One of the challenges faced by FIs with compelling payment data services is the need to facilitate easy access to those solutions for their corporate clients. Unfortunately, banks’ cash management, payments and other core financial services often require intensive work by IT teams to implement, Hausemer noted. She said such offerings are also thus expensive for customers to integrate.
Using API-based solutions can be a game-changer, as they offer greater flexibility, agility and scalability that can be more easily added to corporate clients’ systems, reducing programming work. Such services can also be readily incorporated into treasury workflow systems and other enterprise management software, enabling more convenient use. This allows treasurers to access banking and payment features in the systems where they typically work, preventing them from switching between separate platforms.
Banks can collaborate with FinTechs to offer business clients broader service options as well, creating API libraries that enable third parties to develop services that retrieve certain banking data. BNP Paribas had to rethink its approach to such scenarios before it could launch its API Store to comply with Europe’s open banking laws, which require FIs to offer third-party providers access to these libraries. The process creates new security challenges for banks, however, meaning they must employ robust data security strategies and vigilantly monitor potential fraud that could take advantage of emerging API-based services, including real-time payments.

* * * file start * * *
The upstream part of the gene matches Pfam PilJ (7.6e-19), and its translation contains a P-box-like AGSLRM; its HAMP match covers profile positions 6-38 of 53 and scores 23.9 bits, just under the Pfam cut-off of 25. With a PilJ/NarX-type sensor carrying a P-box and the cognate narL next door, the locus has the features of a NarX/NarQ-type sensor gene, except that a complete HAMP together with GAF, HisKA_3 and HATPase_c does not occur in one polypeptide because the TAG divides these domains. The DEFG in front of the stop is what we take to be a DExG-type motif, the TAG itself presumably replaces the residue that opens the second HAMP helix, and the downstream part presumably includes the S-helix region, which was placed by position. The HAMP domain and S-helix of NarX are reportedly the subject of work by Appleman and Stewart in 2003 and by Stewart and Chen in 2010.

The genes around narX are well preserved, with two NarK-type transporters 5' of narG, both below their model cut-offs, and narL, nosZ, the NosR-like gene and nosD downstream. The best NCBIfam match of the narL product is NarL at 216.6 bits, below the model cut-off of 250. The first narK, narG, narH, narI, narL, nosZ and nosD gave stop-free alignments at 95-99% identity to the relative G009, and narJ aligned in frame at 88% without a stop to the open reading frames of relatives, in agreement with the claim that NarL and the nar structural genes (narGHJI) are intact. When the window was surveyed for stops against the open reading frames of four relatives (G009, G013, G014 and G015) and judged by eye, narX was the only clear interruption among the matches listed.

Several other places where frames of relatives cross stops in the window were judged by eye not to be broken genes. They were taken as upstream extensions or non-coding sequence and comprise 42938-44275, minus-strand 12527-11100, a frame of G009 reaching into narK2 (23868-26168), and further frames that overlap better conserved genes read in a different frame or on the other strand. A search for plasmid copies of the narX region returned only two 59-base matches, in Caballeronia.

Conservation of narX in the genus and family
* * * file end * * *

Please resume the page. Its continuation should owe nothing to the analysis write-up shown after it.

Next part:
APIs are critical to keeping pace with corporate clients’ demands, even as FIs wrestle with open data sharing’s difficulties. The new connectivity and data flow opportunities enabled via APIs go beyond information reporting and payments, extending easy-to-integrate overlay services and furnishing corporate customers with new tools developed through FinTech partnerships. FIs are aware that their business clients want faster transactions and richer data, and APIs may be just what banks need to assemble best-of-breed financial services tailored to their corporate customers’ needs.